What does a coffee table book containing 30 years of a photographer’s work represent? If Rafeeq Ellias’ career as award-winning documentary filmmaker and famous photographer provokes amazed befuddlement, then this showcase brings into focus his statement. “I would professionally restrict my skills to photography and filmmaking only.” Personally his interest zooms further into categories chosen for an upcoming exhibition on November 5 (Musuem Gallery, Chhatrapati Shivaji Museum): Travel and Portraiture. “There are overlaps between these ‘categories’,” Ellias clarifies. “Portraiture can happen while traveling or in a studio. They form a common oeuvre.” Yet traveling by itself remains an addiction, being the best way to “eliminate prejudices and bridge divides”. He also talks about how this addiction was intertwined with his photographing the ballet and opera, over a decade: “My fashion photographs prompted a dance festival company to invite me to shoot a ballet in Uzbekistan. On seeing the results, I was invited again, and again, to Eastern Europe, Russia, Hungary…”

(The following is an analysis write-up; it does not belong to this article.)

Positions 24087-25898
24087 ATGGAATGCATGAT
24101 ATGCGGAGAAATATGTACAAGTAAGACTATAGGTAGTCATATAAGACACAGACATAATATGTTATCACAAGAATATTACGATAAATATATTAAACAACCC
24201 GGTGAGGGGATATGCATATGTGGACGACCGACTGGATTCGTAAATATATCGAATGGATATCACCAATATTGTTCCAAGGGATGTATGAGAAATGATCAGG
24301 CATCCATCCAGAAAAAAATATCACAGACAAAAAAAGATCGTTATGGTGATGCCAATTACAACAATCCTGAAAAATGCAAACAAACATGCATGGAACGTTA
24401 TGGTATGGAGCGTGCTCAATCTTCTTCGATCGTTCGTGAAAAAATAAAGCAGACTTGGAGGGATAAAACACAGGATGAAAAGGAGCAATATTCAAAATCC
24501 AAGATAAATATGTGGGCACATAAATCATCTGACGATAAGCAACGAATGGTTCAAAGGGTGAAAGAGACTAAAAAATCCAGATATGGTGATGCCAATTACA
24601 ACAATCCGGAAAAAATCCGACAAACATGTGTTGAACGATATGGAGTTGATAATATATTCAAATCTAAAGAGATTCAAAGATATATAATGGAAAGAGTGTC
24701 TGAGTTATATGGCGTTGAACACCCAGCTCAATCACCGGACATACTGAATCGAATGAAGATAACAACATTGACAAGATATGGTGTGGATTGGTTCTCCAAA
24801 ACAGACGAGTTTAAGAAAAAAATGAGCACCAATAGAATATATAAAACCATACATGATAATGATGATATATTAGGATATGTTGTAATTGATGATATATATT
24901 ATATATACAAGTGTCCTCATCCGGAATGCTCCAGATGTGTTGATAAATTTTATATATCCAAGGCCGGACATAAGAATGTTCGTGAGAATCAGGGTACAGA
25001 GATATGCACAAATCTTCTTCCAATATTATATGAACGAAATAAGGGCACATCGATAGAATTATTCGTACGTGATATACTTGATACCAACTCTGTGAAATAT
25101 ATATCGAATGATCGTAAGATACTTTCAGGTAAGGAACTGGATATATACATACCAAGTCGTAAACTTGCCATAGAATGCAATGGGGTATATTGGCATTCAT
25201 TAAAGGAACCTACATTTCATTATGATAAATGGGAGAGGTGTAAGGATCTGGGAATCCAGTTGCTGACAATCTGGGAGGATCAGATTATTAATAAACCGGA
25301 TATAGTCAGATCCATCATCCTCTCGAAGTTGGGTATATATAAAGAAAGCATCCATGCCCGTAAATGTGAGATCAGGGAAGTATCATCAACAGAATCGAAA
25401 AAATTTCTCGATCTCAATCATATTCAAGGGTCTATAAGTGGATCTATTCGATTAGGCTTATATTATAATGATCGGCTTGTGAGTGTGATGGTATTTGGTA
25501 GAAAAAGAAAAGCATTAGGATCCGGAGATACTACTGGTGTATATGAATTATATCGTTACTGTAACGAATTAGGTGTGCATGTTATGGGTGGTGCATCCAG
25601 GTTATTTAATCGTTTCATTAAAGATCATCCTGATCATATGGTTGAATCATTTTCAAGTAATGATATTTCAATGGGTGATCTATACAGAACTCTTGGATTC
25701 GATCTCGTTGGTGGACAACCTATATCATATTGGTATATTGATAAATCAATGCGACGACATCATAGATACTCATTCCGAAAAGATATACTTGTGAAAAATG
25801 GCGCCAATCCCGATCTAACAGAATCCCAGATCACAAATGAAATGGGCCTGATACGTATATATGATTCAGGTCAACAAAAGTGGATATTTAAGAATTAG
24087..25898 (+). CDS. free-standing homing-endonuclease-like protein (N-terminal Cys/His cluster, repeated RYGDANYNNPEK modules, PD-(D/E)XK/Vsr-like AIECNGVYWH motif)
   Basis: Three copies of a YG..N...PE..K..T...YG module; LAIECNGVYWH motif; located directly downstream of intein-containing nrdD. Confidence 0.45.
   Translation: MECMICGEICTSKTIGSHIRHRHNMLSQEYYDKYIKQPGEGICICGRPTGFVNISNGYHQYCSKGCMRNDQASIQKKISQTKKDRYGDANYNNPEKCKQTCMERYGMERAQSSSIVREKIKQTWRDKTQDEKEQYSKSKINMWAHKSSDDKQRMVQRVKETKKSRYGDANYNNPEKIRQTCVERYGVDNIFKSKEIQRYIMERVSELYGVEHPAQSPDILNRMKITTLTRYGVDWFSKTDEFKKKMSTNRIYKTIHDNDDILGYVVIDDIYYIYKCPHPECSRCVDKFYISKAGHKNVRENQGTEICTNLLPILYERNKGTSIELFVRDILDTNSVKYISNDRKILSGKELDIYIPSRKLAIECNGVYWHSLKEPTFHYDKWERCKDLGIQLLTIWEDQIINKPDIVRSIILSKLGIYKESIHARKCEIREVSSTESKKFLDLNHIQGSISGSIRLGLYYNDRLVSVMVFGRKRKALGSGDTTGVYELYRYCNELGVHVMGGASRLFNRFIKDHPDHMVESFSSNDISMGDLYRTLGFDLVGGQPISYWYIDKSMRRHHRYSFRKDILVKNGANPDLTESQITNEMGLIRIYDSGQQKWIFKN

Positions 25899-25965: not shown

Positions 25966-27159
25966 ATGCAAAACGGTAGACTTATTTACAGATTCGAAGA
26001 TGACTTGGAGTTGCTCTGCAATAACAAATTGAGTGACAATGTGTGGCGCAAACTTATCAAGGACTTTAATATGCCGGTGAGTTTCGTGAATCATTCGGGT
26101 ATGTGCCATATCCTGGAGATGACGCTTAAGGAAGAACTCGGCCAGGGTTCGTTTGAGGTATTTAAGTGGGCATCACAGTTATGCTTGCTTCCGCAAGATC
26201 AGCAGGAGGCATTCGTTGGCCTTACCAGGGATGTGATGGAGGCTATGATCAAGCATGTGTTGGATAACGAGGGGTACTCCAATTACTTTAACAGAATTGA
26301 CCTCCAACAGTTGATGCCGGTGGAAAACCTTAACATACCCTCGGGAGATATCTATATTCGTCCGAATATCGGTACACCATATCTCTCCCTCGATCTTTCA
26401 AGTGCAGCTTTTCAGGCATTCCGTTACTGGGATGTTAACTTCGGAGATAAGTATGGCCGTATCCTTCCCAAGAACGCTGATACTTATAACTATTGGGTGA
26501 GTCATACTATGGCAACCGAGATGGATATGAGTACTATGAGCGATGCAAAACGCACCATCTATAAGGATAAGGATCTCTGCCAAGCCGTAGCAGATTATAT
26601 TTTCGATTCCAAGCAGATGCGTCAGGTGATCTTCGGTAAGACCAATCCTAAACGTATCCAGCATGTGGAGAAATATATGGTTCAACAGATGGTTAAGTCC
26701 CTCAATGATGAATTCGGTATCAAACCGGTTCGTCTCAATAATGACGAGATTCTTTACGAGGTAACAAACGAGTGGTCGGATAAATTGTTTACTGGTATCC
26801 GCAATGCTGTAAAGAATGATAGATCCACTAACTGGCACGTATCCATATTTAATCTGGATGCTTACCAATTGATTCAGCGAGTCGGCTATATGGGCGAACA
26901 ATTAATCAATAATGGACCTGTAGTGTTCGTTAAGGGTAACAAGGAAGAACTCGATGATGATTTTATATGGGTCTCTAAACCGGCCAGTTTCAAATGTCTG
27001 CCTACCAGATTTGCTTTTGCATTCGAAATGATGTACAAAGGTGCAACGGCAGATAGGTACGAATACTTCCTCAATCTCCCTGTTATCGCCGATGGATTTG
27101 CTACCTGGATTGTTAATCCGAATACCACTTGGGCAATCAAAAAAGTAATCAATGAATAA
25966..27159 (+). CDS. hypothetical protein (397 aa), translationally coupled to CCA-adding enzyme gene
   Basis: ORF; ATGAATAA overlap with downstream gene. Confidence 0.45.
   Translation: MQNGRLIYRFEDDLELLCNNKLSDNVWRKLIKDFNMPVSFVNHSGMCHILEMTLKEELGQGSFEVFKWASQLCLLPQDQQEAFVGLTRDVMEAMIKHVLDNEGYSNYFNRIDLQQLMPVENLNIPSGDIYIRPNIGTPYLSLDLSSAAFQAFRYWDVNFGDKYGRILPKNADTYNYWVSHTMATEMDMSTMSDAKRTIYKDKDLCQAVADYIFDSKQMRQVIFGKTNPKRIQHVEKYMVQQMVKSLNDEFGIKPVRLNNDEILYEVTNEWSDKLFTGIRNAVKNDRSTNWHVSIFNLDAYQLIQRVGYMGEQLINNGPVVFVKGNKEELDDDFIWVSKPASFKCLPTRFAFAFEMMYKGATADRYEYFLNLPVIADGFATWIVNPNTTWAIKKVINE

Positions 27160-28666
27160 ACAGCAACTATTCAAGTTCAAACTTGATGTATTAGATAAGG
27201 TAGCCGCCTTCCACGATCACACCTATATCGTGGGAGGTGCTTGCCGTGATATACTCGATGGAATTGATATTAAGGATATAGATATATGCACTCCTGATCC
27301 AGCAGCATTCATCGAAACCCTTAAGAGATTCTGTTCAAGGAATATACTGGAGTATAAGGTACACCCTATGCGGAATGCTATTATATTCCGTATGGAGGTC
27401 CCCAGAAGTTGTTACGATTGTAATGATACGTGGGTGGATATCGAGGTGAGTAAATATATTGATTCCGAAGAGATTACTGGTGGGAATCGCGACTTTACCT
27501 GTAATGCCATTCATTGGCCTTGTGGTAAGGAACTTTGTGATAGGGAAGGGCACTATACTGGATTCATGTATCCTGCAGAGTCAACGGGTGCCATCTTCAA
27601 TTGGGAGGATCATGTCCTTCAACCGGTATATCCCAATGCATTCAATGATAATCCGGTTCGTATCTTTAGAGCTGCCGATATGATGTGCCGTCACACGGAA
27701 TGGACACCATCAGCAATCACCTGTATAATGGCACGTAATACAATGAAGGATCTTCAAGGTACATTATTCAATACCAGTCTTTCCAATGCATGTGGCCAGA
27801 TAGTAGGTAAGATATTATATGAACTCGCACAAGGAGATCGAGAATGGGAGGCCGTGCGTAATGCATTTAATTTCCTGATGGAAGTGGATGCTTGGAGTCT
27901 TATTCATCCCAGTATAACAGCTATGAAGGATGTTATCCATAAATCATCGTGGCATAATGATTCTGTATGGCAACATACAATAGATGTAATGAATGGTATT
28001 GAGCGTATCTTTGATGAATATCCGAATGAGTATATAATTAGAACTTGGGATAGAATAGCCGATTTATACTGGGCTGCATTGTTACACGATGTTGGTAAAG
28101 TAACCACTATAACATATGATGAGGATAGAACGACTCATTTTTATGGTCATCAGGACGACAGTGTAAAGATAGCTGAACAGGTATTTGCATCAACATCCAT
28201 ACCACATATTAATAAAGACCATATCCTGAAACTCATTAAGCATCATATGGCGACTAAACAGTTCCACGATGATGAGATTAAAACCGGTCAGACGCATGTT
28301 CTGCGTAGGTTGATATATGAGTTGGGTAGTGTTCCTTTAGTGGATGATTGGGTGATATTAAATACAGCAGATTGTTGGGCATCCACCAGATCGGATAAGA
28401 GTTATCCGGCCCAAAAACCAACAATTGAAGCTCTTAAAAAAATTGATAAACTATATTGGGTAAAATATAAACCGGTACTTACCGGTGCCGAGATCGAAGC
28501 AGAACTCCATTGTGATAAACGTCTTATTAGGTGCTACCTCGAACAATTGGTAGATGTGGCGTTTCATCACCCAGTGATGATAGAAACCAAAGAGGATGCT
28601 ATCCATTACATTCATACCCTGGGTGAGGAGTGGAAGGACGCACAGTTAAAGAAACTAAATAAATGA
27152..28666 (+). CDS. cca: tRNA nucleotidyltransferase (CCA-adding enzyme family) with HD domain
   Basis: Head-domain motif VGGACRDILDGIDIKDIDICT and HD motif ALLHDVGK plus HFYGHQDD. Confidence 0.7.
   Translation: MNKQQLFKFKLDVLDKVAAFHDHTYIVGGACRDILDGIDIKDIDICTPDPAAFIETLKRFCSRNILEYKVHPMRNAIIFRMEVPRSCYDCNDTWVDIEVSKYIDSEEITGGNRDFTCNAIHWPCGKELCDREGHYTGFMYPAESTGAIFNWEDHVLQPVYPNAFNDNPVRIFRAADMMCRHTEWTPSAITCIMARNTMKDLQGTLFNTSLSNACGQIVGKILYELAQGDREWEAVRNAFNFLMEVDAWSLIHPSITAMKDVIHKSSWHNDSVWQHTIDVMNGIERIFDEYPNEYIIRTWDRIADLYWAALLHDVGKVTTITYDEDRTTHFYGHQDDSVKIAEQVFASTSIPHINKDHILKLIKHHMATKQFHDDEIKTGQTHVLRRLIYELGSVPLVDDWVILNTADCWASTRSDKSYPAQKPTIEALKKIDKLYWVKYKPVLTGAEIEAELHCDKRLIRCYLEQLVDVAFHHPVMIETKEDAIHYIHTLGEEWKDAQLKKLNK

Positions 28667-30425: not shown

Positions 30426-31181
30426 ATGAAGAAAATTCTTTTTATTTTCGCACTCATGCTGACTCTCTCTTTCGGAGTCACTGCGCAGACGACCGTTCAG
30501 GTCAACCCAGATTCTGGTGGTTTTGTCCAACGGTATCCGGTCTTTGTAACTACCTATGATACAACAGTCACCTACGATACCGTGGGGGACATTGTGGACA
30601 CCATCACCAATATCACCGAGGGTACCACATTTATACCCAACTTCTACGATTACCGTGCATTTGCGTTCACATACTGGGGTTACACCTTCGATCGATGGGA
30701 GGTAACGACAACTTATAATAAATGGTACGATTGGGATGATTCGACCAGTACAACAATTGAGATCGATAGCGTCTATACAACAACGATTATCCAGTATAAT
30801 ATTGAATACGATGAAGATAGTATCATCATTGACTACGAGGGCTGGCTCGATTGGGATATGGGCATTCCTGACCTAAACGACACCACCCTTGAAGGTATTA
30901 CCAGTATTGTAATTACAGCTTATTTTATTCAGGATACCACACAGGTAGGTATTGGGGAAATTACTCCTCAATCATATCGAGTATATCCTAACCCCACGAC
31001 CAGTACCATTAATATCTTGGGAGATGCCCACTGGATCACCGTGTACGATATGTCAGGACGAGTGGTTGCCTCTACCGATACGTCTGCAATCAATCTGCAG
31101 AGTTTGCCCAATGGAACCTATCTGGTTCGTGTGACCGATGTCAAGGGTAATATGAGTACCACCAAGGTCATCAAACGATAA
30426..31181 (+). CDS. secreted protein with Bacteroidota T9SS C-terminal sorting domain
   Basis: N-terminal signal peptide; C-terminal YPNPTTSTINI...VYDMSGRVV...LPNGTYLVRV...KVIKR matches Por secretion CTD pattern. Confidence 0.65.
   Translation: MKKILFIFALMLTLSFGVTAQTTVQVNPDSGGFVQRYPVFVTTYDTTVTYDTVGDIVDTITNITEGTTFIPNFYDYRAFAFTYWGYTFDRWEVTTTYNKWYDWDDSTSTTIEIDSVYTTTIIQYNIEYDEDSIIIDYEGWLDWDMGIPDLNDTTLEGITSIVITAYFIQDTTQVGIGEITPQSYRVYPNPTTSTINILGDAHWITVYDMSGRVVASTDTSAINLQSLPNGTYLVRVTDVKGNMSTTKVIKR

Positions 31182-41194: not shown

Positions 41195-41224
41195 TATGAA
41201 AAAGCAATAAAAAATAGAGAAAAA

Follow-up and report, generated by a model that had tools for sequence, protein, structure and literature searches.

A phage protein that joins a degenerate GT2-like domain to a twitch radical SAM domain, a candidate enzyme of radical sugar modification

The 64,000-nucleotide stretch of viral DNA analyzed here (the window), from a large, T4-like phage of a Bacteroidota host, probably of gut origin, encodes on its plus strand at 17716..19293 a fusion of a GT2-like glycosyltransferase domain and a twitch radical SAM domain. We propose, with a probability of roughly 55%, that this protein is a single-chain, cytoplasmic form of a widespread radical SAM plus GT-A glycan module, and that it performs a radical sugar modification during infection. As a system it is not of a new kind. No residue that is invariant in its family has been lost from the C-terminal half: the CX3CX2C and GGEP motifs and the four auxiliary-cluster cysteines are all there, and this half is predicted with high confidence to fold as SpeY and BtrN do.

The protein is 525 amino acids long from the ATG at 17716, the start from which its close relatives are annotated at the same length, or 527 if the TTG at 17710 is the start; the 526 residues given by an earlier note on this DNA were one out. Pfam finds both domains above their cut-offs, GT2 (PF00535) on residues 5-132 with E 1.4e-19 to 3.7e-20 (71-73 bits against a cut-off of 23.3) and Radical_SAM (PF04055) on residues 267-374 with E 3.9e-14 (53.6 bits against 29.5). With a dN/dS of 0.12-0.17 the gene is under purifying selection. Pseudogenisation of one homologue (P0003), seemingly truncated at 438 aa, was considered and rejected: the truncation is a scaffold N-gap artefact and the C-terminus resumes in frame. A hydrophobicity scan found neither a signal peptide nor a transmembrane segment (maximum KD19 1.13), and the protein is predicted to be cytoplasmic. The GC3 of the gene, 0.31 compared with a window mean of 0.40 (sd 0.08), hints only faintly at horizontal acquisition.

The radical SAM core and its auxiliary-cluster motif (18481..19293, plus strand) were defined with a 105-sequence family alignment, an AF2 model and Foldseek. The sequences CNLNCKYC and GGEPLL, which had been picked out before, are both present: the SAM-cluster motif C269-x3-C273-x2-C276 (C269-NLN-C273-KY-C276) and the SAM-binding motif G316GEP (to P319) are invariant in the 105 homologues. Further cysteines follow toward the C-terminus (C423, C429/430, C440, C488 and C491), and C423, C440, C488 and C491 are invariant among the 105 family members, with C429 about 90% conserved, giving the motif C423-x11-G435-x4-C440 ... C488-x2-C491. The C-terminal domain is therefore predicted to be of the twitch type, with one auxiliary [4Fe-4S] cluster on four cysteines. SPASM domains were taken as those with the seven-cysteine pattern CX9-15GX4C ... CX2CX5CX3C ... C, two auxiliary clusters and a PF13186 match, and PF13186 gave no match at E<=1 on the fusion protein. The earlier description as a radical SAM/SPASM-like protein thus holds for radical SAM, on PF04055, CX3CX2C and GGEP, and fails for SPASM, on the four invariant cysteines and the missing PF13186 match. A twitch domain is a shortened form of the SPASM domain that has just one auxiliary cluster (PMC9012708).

Vying for pride of place beside the ballerinas is the depiction of communities by the maker of The Legend Of Fat Mama (on the Chinese community in Kolkata). “We have singular and multiple identities,” Ellias explains. “While the Jews in Brooklyn merge their Hungarian origin with being New Yorkers and the Punjabis in Southall with being Londoners, the Chinese in Calcutta love Luchis as much as Bengalis do.” Even more identities arise on his images with age: “I remember working with two distinct generations in England – a Punjabi grandmother who was occupied by old Hindi films on Zee, and her completely modern, nearly British granddaughter.”
The pages turn over, as does the conversation, to fashion: “This has limitations, being advertising photography. You have to work with a commercial brief.” And yet, in his portrayal of saree draped models besides rural folk wearing complementary colours, or a black model standing in sharp focus before a dissolving landscape, he adds elements to his frame as deftly as he would have captured them while photographing that suit clad Palestinian smoking a hookah, or the portrait of a poet in Gulzar. “That’s because I’m lucky to work with clients who allow me to experiment because of long standing relationship,” he answers, humbly.
This article originally appeared in Mumbai Mirror, Times Of India: http://alturl.com/743x